A Salute to Buffalo Soldiers

On July 28,1866, Congress authorized the creation of units made up of black enlisted soldiers to serve in US Cavalry and US Infantry regiments. The Plains Indians equated the skin color, hair type, courage and tenacity of these black soldiers with that of the buffalo — hence the nickname “buffalo soldier.”

Buffalo soldier units served in the 9th and 10th US Cavalry regiments and the 24th and 25th US Infantry regiments. Soldiers from all four of these regiments served at Fort Concho from 1869 to 1885, comprising half the soldiers stationed at the post. Fort Concho, in modern-day San Angelo, was built after the Civil War to establish law and order and to protect settlers from Indians.
buffalo-soldier-newsThis summer, Fort Concho observed the 150-year anniversary of the Buffalo Soldiers. My wife and I happened to be in the area so we attended the celebration at the fort. While there we had the opportunity to meet Paul Cook, a Buffalo Soldier re-enactor as well as listen to a talk by John Langellier, a historian and the author of “Fighting for Uncle Sam: Buffalo Soldiers in the Frontier Army.”
fort-conchoI had heard about the Buffalo Soldiers but did not know much about them. So, I was excited to attend Langellier’s talk. The contribution of these tough soldiers to the westward expansion of our nation must not be underestimated. Buffalo soldiers did everything from building roads to patrolling the frontier to a variety difficult civil and military tasks. Additionally, they distinguished themselves in campaigns against numerous Indian tribes.
buffalo-soldier-talkThe most amazing thing I learned about Buffalo Soldiers was the history of the all-black 25th Infantry Bicycle Corp. At a time when the military did not want to spend money providing horses for these black soldiers, a white lieutenant names James Moss persuaded the military to provide them with bicycles. The military agreed and provided the Buffalo Soldiers with heavy duty bicycles made by the Spalding Company.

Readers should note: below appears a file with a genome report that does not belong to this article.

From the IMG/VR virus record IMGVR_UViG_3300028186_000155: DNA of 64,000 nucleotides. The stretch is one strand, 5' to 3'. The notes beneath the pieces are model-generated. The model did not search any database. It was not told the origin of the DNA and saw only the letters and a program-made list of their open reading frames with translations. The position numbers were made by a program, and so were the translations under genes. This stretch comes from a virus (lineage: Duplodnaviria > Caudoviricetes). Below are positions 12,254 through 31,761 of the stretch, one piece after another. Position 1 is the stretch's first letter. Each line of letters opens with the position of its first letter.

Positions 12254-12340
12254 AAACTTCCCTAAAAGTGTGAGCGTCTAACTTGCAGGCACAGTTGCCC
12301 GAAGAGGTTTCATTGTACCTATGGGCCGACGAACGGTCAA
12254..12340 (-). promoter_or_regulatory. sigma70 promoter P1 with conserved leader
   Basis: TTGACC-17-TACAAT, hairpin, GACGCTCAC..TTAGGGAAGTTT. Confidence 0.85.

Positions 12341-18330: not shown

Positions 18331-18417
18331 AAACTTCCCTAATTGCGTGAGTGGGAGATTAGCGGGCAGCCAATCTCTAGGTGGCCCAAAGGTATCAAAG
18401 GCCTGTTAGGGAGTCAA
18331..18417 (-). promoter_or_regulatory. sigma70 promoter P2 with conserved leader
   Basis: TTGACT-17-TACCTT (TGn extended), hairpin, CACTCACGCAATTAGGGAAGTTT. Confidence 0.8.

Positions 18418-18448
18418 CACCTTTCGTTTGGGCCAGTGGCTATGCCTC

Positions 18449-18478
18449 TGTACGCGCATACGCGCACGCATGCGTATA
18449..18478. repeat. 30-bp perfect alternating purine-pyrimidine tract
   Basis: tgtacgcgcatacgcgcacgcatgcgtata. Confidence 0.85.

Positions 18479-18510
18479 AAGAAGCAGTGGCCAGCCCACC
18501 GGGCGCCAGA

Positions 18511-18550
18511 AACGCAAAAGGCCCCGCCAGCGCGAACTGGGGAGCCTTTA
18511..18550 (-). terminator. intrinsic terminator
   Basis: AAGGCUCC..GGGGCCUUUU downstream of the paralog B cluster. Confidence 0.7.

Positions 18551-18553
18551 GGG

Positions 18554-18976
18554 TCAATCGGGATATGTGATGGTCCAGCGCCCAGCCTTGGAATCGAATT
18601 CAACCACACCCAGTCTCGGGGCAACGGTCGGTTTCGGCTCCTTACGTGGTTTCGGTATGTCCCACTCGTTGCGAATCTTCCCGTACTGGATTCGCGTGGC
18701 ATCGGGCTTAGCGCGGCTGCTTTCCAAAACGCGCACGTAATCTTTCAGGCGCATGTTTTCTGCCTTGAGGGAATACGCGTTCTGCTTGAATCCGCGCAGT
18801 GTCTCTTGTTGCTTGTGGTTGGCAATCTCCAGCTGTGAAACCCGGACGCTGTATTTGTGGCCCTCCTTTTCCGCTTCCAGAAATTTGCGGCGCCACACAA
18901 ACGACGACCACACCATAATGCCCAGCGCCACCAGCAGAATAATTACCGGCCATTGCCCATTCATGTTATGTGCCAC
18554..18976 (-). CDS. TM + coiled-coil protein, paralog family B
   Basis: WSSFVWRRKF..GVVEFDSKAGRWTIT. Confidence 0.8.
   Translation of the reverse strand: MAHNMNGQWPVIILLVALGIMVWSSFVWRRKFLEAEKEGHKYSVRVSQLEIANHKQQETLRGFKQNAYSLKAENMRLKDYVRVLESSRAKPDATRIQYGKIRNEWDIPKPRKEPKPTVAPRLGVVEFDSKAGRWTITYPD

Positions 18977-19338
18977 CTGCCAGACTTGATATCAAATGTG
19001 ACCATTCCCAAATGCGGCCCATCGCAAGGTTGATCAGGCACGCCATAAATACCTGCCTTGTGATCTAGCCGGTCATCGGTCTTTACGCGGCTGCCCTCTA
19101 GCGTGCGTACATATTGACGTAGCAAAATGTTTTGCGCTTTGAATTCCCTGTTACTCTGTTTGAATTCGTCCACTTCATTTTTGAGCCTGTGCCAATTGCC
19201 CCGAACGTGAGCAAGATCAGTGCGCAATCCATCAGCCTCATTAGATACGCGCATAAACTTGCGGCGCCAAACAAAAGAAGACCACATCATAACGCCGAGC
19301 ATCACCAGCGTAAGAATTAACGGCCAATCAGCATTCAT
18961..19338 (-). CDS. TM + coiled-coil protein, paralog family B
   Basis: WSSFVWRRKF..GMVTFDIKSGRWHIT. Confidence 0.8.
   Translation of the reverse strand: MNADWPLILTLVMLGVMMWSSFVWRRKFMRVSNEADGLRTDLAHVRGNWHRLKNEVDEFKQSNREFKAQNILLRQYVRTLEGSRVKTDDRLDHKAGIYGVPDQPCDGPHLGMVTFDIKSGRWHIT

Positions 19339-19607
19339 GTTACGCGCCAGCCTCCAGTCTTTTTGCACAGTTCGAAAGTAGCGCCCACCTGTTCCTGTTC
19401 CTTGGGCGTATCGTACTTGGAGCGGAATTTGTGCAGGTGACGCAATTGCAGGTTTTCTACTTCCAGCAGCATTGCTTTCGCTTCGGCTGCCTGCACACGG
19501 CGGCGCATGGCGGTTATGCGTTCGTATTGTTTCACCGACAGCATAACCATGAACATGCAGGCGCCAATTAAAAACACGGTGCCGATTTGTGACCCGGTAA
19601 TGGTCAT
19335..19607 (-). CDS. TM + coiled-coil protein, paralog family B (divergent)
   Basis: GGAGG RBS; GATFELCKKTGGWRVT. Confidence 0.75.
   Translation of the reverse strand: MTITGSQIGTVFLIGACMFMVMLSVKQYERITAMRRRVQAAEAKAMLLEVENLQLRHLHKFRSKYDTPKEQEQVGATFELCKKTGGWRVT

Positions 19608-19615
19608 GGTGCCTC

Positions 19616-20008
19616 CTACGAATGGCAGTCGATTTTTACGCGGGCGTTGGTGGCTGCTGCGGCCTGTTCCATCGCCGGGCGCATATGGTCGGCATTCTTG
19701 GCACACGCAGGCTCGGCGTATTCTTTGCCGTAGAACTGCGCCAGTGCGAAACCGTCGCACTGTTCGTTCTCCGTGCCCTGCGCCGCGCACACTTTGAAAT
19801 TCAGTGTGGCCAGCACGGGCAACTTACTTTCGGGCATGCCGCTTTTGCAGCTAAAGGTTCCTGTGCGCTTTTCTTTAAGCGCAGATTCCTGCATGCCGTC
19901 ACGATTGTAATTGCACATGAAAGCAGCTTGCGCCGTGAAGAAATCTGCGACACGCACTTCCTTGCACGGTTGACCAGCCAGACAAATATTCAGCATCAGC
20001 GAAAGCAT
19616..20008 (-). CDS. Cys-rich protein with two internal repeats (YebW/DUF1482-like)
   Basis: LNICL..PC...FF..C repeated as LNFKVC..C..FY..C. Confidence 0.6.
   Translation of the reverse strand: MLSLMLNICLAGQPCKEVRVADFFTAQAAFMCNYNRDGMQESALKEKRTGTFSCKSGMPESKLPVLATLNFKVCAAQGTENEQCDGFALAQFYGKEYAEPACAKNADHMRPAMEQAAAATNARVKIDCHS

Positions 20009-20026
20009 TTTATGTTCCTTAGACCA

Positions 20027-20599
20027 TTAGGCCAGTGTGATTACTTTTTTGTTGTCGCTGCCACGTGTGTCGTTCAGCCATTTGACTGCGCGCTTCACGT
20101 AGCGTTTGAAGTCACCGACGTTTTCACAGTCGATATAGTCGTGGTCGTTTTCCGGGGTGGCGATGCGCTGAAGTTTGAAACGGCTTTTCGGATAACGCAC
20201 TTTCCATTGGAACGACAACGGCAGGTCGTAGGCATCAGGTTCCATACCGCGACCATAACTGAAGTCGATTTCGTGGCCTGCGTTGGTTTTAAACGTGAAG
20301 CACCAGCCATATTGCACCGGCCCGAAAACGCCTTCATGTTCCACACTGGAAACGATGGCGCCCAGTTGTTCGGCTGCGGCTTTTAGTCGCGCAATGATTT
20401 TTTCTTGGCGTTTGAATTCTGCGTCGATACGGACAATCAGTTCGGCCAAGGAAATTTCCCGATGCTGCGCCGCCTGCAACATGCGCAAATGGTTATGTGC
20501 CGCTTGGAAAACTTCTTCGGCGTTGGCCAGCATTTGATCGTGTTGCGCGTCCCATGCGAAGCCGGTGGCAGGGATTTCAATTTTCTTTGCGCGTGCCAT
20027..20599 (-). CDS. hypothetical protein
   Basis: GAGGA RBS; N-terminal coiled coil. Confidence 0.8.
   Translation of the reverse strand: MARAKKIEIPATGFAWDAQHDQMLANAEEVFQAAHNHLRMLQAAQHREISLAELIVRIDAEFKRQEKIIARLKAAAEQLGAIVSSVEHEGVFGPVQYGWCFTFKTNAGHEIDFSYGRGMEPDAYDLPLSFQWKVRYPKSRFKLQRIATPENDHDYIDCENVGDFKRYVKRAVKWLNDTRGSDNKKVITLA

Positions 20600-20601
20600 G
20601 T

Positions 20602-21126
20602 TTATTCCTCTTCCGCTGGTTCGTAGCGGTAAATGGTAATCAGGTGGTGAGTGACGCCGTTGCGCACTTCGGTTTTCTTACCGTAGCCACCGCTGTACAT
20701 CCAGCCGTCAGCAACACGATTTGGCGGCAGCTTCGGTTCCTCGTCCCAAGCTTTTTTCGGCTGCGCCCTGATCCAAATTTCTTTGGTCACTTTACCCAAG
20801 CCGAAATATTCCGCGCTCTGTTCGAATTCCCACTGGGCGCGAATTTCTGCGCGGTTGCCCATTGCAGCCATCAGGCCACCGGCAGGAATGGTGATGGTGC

buffalo-soldier-cyclistsTo show the practicality of the bicycle for military use, Moss organized a ride from Fort Missoula to Yellowstone National Park and back again — a trek of 800 miles over rugged terrain. He later organized a 1,900 mile ride from the fort to St. Louis. All of this at a time when there were few roads, bicycles were terribly heavy and had a single gear, and the men had to strap all of their gear to their bicycles.
25th-bicycle-infantryAmazing does not begin to describe the achievements of the bicycle regiment — a testimony to just how tough the Buffalo Soldiers were. As a mountain-biker who owns a pretty decent bike with lots of gears and suspension to make riding the trails easier, I have the deepest respect for the Buffalo Soldier cyclists. Wow! These guys were the definition of what it means to be tough.
fort-concho-buffalo-soldiersBuffalo Soldiers are an important part of our history. Their history is part of the fabric of our rich Texas history and deserves to be told and retold to future generations. They helped to ensure the settlement of frontier regions of Texas and beyond. Happy 150-year anniversary to the Buffalo Soldiers of yesteryear!